This holiday season, Darin Mays is not looking at workforce challenges or supply chain issues like some of its big box competitors, and sales are strong.
Minneapolis-based contractor’s company Urban Wing makes wood pole tables that can be used around patio heaters, umbrellas, and basement poles. He sells the tables, as well as the sauna products, online and through the Etsy platform.
Mays decided to pursue his dream of owning his own business after quitting a career in healthcare technology last year. His wife is his only employee.
“I source most of the produce locally, which gives me an advantage,” Mays said. “But also as an inventor, I can design and manipulate products on the fly, so it’s relatively easy to rotate.”
Having a product available for sale was an advantage. This month, sales are up about 900% from the same period last year, Mays said. He said he had sold over 500 of his tables on Etsy alone.
Most Etsy sellers operate their stores from home and source raw materials nearby. Even though large retailers face supply issues, Etsy is well stocked in the categories most affected by these disruptions, such as toys and furniture. The website has more than 90 million items and 5 million sellers, up from 2 million before the pandemic.
Etsy CEO Josh Silverman said the company is optimistic and will have another big holiday season this year. Many vendors started stocking up in August and September in preparation.
Planning to shop local
“Over 90% of Etsy sellers report sourcing from their own country. And in fact, American sellers, about half of them say they get all of their own raw materials in their state, ”Silverman said. “So their supply chain is really simple. “
More than a third of respondents to the CNBC / Momentive Small Business Survey for Small Businesses on Saturday said they plan to hang out with a local merchant on Saturday. This is an increase from 30% last year, but a decrease from 39% in 2019.
In addition, 72% of the 2,700 adults surveyed said they had seen higher prices in the past three months, 62% saw “low” or “out of stock” stocks in stores and 51% saw high prices. delays in delivery. Almost half said they were concerned that supply chain issues could hinder their ability to get what they want this holiday shopping season. The survey was conducted from November 10 to 12.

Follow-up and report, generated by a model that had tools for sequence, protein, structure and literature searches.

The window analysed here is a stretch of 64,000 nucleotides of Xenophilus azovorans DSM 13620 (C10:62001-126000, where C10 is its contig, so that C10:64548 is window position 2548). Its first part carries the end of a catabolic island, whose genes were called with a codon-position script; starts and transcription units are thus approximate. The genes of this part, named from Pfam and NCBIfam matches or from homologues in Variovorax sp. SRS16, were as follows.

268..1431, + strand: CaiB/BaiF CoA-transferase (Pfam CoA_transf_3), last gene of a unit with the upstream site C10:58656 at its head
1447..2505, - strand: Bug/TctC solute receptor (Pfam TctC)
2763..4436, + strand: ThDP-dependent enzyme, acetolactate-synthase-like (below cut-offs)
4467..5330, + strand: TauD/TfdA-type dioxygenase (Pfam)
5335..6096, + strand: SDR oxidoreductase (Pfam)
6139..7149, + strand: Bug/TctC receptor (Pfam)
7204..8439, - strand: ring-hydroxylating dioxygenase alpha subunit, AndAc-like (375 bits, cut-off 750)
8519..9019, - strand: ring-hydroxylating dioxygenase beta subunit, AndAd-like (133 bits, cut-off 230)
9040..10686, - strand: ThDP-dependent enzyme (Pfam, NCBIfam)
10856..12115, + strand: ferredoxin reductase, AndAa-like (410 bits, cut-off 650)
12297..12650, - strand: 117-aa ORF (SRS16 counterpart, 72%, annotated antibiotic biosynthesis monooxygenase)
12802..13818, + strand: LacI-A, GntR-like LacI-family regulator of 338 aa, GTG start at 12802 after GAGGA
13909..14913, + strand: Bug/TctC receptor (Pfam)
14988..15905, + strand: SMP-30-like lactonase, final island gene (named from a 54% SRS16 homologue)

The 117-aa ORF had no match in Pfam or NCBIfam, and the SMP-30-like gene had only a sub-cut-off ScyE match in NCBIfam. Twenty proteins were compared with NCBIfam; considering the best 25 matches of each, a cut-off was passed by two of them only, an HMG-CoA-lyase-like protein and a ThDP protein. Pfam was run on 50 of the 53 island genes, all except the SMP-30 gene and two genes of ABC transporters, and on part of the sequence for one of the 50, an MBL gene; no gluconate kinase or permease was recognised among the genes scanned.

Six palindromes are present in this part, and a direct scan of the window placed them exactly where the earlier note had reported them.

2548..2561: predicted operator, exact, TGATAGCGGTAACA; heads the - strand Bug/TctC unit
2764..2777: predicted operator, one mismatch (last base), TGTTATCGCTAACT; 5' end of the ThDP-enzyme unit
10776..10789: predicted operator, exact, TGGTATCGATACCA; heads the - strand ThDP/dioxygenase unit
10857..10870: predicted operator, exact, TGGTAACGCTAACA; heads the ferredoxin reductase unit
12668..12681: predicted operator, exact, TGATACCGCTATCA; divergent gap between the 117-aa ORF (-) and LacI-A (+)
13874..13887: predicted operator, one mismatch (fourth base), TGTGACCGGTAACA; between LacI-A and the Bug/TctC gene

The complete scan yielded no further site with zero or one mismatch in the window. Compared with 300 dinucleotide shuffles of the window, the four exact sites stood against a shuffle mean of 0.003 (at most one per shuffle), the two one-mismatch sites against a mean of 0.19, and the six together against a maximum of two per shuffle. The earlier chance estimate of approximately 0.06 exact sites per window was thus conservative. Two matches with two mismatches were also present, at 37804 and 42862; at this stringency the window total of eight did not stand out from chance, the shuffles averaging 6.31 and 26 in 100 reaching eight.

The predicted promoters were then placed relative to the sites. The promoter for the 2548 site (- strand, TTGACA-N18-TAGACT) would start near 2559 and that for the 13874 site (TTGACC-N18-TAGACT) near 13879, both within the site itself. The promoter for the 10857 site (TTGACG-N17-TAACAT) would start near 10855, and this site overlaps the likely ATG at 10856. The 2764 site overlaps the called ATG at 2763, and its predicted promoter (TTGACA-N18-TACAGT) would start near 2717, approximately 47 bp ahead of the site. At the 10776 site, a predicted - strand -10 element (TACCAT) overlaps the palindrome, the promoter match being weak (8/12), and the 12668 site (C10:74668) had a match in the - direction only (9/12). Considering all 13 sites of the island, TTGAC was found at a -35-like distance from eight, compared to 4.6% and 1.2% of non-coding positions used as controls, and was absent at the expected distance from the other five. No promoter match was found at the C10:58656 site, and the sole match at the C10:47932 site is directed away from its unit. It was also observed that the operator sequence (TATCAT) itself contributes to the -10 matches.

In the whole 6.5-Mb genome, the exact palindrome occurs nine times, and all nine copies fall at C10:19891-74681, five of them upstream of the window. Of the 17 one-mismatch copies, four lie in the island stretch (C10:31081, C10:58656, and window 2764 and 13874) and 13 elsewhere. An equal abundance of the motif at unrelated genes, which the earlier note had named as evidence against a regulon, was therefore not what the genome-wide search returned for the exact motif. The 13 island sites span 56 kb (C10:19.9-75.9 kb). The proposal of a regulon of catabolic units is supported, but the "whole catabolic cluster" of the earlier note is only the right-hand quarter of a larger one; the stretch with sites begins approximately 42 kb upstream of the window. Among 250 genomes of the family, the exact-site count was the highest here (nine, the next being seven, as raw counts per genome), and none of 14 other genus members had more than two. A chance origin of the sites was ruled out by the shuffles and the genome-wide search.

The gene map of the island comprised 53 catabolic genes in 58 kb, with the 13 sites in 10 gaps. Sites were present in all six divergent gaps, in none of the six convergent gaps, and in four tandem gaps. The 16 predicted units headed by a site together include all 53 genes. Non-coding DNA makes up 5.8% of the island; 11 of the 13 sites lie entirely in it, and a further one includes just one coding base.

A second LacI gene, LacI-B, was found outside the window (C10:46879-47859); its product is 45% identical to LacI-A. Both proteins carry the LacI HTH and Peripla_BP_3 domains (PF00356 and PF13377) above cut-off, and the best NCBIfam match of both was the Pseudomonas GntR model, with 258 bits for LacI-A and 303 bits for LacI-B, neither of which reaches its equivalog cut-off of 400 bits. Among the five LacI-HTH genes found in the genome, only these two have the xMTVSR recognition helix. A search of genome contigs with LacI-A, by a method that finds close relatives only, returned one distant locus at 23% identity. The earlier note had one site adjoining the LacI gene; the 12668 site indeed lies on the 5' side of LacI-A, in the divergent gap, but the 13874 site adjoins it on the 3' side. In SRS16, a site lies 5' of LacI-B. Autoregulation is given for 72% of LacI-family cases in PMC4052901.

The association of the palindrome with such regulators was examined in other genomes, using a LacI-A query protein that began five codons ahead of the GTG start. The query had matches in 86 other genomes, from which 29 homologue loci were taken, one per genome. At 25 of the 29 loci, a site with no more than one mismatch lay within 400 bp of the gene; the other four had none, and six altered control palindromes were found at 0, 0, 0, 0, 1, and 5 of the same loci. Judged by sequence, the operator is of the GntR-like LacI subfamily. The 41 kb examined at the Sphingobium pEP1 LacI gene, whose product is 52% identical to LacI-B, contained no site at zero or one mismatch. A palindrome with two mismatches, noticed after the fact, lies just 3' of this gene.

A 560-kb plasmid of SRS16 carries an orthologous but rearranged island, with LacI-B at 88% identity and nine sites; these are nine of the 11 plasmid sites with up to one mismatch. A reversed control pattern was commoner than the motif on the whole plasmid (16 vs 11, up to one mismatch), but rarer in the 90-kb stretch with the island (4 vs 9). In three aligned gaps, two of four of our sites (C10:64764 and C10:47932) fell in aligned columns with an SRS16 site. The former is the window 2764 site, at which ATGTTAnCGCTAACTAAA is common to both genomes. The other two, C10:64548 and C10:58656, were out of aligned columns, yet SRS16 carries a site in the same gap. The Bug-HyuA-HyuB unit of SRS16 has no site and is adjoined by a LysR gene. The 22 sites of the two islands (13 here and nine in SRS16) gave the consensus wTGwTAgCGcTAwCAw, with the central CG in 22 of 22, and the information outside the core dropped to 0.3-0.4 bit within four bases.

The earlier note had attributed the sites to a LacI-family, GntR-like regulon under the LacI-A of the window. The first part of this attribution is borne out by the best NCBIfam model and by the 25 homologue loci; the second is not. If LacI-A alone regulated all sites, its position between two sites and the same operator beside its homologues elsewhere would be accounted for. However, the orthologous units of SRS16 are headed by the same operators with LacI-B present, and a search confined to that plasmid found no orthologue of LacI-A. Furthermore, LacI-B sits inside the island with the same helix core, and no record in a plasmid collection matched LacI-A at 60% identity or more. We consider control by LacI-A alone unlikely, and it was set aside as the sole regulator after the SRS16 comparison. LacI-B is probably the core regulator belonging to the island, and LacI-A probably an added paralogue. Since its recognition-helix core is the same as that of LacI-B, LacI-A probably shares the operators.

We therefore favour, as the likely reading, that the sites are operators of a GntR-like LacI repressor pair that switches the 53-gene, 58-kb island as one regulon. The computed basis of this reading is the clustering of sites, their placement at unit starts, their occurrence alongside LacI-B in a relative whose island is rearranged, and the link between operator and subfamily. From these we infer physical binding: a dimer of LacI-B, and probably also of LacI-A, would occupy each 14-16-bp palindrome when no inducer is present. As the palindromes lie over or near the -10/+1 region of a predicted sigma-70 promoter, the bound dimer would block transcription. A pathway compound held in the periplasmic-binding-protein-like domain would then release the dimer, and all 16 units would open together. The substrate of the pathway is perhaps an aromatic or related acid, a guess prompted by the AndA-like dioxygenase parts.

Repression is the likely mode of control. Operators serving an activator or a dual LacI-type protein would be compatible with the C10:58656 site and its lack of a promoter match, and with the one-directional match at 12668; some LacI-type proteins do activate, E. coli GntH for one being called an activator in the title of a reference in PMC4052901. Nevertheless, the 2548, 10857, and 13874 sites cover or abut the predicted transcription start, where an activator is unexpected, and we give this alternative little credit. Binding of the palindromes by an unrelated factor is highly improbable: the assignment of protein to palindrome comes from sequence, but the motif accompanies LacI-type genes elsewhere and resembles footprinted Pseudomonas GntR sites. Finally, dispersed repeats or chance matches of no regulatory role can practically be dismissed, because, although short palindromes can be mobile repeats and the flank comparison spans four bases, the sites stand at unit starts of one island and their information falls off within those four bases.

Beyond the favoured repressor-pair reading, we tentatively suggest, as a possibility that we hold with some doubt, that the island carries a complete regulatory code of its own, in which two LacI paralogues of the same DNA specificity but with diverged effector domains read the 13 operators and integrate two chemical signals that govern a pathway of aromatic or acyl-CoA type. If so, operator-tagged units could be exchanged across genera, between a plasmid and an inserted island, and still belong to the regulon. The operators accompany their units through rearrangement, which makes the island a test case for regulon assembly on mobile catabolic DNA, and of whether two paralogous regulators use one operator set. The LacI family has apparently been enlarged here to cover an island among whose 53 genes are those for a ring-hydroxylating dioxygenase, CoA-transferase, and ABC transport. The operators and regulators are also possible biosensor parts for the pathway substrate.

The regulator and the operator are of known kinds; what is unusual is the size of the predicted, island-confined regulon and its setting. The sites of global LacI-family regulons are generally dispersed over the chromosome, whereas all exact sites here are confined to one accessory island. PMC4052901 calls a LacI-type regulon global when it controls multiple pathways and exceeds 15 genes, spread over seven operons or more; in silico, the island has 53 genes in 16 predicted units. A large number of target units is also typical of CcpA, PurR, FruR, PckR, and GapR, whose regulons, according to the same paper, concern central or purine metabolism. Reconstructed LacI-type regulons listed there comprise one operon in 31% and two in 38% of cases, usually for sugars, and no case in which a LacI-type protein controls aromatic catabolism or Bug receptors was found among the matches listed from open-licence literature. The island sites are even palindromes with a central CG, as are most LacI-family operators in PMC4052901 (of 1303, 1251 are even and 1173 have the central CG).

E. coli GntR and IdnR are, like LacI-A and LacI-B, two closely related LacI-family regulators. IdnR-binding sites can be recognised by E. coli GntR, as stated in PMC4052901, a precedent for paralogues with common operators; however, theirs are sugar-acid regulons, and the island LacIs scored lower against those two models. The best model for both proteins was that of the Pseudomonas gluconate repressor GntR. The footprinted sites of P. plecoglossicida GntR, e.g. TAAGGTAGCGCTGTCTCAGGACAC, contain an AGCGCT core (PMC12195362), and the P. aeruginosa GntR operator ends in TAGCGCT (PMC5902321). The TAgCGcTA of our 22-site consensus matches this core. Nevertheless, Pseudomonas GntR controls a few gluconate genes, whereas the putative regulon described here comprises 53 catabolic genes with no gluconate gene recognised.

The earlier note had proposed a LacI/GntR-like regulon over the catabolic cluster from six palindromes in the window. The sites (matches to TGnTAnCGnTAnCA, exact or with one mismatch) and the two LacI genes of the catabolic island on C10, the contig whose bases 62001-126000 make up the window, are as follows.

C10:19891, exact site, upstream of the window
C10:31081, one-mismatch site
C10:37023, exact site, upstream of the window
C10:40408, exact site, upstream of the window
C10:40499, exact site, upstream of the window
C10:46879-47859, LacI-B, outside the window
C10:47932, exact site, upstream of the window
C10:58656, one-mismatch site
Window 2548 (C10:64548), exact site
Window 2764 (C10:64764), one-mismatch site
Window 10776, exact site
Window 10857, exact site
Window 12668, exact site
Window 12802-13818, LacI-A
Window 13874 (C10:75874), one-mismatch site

Changing consumer preferences could increase sales on Etsy this year, Silverman said.
“A lot of people through the pandemic have been thinking and saying they want to support small businesses. Maybe they want to buy less stuff but these things mean more, these things come with a story, and that is where we think Etsy sellers really had a chance to shine, ”he said.
Compensate for lost sales
Barbara Lind has owned the Grist Mill Antiques Center in Pemberton, New Jersey, since 1994. Like Mays, she’s betting local businesses will win the season this year.
Last year Lind’s store was closed for several months due to the pandemic. Like many on Main Street, she and the antique dealers who rent space to her are still in catch-up mode.
“We buy from local states and our inventory is high,” she said. “We are fully stocked and hope this holiday season brings us out of the money that our dealers, myself and the entire store lost during the shutdown.”
For Small Business Saturday, she plans to offer 25% off most merchandise in her store to help recoup losses. Pandemic trends have allowed her to choose unique items for the season.
“People are downsizing – they move to other states, they buy smaller houses. It gives us the opportunity to buy, so we have a lot of beautiful things. And a lot of these things are memories because people want to redeem their childhood memories or their parents’ childhood memories, “she said.” A lot of things are unique, almost because they are so rare you don’t see them anymore.
Back in Minneapolis, Mays said he’s building inventory for the holiday rush and hopes many will support local stores this year.
“Every sale really means a lot. And it helps people like me and others to really do something that we are passionate about and contribute to the greater good,” he said.
—CNBC’s Betsy Spring contributed to this article.